Tumbling down the PinHole
I have had limited personal experience with Pinterest; perhaps because its main user base is female, maybe because I don’t actually purchase much online, most likely because in the evenings, the channel’s prime engagement time, I avoid screen time as much as possible. Either way, it’s not my bag, and as a business owner hitting two out of three of the above reasons, it’s probably not been your bag.
However, as I say time and time again to new social media clients:
“Just because a social channel is not your thing does not mean it is not right for your business.”
Pinterest is our number one recommendation to businesses looking to increase revenue. It will do this by shifting more of your products and/or making your brand more renowned. Consider this:
– Pinterest refers more traffic than LinkedIn, Google+, and YouTube combined
– The average annual household income of a Pinterest user is $100k (£65k)
– Pinterest retains its users: more than 84% of women still pin in their fourth year of membership
(Click here to see more facts in this infographic)
What do all the Pinterest stats mean?
It means that if your business has no presence on Pinterest, you are missing out on one of the most influential traffic referrers on the web. Bottom line? You’re throwing money away every week you’re not pinning.
5 Tips to Get Going on Pinterest
Start on a personal level
Head over to the channel and sign-up with a personal account. Spend a morning or evening (yes, that long) tumbling down the “pin hole” and see where you end up. Don’t worry about setting up a board of your own just yet: instead, get a feel for what people are pinning, read their descriptions, and begin to see a pattern in pinboard subjects. Pinterest will guide you through any features, both on the site and by email, so don’t concern yourself with the “how”.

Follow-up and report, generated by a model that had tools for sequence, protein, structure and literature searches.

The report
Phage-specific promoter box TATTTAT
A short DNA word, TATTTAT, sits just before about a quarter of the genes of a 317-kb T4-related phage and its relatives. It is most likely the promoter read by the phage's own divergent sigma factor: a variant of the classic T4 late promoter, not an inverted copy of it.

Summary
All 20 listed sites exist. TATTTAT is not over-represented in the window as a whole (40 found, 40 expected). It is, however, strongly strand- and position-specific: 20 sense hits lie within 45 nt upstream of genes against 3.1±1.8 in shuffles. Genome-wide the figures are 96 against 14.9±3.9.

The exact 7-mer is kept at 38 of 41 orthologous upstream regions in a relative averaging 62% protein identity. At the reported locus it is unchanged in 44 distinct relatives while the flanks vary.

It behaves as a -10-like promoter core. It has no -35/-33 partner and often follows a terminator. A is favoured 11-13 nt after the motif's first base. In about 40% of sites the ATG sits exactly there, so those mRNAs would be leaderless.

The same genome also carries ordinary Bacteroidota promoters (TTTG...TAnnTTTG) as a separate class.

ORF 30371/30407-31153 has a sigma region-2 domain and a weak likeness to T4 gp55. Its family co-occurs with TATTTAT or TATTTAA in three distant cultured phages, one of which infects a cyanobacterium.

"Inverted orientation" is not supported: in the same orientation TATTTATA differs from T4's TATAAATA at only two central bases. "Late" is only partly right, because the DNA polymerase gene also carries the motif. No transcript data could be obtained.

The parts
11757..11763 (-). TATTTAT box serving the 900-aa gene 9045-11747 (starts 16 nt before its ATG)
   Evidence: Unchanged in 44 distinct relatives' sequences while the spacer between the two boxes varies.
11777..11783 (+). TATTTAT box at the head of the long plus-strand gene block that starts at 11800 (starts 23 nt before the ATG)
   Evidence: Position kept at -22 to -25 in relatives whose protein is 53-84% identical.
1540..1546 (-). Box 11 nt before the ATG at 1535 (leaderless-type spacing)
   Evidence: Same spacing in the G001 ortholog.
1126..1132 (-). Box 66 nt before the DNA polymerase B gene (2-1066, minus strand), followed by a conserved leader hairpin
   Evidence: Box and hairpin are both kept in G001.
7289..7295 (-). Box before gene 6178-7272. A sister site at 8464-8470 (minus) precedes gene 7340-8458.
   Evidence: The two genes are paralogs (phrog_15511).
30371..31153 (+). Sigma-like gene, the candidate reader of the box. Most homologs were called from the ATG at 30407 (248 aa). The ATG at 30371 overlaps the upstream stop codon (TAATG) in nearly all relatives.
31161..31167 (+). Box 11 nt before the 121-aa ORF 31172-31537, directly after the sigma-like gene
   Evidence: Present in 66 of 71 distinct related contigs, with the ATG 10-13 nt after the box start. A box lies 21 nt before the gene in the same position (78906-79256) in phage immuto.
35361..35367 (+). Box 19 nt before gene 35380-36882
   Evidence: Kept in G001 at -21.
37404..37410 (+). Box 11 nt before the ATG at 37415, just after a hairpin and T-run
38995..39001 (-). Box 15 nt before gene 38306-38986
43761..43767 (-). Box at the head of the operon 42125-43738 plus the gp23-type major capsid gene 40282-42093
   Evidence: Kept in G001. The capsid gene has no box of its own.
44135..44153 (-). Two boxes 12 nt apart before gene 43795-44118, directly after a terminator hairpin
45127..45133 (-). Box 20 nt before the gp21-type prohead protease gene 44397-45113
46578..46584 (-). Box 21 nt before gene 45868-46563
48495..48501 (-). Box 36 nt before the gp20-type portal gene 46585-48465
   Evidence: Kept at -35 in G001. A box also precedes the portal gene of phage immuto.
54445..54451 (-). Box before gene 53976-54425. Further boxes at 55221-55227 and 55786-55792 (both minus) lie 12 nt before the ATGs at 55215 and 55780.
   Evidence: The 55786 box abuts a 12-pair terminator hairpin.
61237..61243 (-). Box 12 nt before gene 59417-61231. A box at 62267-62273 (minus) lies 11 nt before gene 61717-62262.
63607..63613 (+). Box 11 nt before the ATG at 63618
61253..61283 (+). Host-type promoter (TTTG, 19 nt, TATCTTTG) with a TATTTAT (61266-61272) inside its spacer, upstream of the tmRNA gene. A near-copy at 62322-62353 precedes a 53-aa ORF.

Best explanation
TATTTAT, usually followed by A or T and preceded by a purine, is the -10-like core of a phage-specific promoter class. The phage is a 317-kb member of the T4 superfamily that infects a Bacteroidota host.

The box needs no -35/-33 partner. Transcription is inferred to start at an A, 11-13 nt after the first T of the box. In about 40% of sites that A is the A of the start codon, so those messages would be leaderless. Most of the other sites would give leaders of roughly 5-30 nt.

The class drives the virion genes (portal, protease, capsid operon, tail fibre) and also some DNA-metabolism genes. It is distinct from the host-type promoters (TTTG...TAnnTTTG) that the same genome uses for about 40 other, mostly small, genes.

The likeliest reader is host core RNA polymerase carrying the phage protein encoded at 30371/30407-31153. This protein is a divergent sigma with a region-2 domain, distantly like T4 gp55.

Revisit your company website
You’re looking for striking, original images that define your brand. If you sell products, make sure you have high quality photos of them uploaded; if you sell services, ask yourself whether the imagery is powerful and clean enough to share; maybe you’re not selling directly, so look for graphics that are interesting and might drive traffic by tempting clicks.
Either on a piece of paper or in your mind, start grouping the images into categories or brands: Nike, shoes, colours, stats, accomplishments, landscapes, etc.. Make them as tangible as you feel meets your business’ tone of voice and personality.
Open your business profile
Head back to Pinterest and register as your business. Remember to pick a really secure password (try a random generator) – I don’t need to tell you how much damage could be done if you don’t.
You might like to save time by installing the recommended browser plug-in: it means you can just click rather than the ol’ cut and paste.
Next, go back to your website and start pinning the images to your pre-planned boards. This will take some time, but stick with it; once you have done all this back-work you’ll find it a lot easier. You really must write a few interesting lines in your description, and do use hashtags to help people find all your hard work!
Add some personality
I understand not every company can do this, but I really recommend you try to in some manner. Social users are just like you, even if you don’t use social channels, and you don’t like “corporate” being planted in front of you everywhere: have some soul to your profile! I suggest giving your staff (under guidance if necessary) access to their own pinboards on your channel. Ask them to share and pin their favourite things, from design inspirations to hobbies, favourite films to book reviews – more is more, and some humanity really piles on the clicks!
Make use of secret boards
Not all your pinboards have to be public. You’ll notice a section on your account page, near the bottom, that says “Secret Boards”. These are pin collections you can share with a select person or people and are a fantastic way of working with clients. We’ve used them to create mood boards or creative collections, sharing ideas from across the web in frenetic design conversations – yes, even whilst on a conference call. Try it out.
It can even serve as a reference point for working out of office, or an important limitations of agreement decision.
So, there you have it: my five starter points for Pinterest. I know I haven’t mentioned Rich Pins, but get in touch with me if you would like to find out some more. Good luck, and happy pinning!